WASHINGTON -- The Spanish professor is puzzled. Why, Gabriel Calzada wonders, is the U.S. president recommending that America emulate the Spanish model for creating "green jobs" in "alternative energy" even though Spain's unemployment rate is 18.1 percent -- more than double the European Union average -- partly because of spending on such jobs?
Calzada, 36, an economics professor at Universidad Rey Juan Carlos, has produced a report which, if true, is inconvenient for the Obama administration's green agenda, and for some budget assumptions that are dependent upon it.
Calzada says Spain's torrential spending -- no other nation has so aggressively supported production of electricity from renewable sources -- on wind farms and other forms of alternative energy has indeed created jobs. But Calzada's report concludes that they often are temporary and have received $752,000 to $800,000 each in subsidies -- wind industry jobs cost even more, $1.4 million each. And each new job entails the loss of 2.2 other jobs that are either lost or not created in other industries because of the political allocation -- sub-optimum in terms of economic efficiency -- of capital. (European media regularly report "eco-corruption" leaving a "footprint of sleaze" -- gaming the subsidy systems, profiteering from land sales for wind farms, etc.) Calzada says the creation of jobs in alternative energy has subtracted about 110,000 jobs from elsewhere in Spain's economy.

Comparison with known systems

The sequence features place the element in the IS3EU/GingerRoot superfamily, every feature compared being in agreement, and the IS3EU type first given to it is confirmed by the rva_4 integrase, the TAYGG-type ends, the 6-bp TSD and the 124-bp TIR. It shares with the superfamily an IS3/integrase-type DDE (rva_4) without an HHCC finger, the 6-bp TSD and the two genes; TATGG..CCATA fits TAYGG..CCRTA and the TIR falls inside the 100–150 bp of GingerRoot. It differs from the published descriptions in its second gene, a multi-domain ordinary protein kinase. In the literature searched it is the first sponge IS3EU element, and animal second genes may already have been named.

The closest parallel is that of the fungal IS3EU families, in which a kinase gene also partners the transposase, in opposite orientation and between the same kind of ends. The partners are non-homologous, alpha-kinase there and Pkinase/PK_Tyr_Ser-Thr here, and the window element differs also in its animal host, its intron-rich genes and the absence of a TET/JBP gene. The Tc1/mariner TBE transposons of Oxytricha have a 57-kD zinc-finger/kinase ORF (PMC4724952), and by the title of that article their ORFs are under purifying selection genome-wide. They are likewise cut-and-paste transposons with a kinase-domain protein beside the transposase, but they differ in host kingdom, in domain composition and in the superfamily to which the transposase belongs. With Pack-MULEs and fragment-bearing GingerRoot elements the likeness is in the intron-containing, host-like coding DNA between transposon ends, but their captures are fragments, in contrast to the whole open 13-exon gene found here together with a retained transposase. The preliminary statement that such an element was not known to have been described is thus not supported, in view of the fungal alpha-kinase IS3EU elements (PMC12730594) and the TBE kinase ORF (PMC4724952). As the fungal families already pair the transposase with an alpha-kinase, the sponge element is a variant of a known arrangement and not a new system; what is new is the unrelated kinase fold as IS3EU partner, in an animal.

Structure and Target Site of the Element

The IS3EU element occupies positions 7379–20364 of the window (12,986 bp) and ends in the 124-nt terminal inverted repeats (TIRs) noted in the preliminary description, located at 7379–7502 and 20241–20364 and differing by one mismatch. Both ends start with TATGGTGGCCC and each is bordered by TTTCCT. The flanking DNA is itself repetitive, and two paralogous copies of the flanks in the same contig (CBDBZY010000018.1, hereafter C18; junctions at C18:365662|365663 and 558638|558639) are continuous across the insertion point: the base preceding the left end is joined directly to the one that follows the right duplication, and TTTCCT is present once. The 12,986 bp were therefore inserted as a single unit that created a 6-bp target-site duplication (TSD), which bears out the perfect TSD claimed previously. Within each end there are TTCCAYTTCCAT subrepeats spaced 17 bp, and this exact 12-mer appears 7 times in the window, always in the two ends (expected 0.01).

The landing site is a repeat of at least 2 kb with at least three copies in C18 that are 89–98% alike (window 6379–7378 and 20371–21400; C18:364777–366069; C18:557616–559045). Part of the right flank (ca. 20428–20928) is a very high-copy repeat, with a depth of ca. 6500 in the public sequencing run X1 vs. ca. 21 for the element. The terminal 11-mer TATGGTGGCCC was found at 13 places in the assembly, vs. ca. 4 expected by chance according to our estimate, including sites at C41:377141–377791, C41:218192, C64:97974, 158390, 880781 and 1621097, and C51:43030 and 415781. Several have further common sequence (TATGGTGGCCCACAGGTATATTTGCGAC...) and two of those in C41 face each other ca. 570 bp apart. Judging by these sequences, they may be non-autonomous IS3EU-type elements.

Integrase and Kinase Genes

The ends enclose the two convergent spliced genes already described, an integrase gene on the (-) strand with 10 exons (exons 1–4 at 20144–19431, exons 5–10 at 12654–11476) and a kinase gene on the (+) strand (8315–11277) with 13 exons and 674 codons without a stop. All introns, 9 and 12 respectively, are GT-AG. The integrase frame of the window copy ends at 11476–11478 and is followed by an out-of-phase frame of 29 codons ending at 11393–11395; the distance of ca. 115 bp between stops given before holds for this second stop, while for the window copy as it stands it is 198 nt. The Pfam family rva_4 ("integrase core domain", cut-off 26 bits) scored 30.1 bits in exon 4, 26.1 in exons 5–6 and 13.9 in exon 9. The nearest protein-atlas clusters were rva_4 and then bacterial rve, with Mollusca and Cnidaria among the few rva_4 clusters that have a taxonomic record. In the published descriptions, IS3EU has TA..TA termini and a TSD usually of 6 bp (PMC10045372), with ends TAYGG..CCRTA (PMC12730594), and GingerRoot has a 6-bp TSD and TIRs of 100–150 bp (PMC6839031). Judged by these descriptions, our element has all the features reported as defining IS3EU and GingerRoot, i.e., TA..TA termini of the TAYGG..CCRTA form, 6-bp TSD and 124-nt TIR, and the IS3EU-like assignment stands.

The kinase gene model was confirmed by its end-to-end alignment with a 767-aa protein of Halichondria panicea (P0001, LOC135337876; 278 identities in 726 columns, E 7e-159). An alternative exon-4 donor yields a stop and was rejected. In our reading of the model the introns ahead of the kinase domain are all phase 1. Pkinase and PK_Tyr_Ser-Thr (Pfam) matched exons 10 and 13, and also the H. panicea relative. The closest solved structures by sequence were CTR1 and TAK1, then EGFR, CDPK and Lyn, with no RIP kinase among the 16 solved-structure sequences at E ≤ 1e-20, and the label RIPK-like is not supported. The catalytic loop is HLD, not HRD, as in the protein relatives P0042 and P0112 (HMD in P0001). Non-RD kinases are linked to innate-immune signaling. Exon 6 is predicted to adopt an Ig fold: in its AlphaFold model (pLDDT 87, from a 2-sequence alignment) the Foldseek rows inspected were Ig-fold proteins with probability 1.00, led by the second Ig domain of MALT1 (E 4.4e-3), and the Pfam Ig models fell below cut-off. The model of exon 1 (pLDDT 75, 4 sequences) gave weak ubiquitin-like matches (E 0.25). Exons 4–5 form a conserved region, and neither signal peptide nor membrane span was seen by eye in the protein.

Friday, June 26, 2009
"Tilting at Green Windmills"
In a post last fall ("A Green New Deal?"), we mentioned Van Jones's explication of the idea, advocated by many progressives, that government subsidies for solar and wind energy would spur job creation. In his Washington Post column yesterday ("Tilting at Green Windmills"), George Will draws on research from a Spanish economist who suggests otherwise. An excerpt: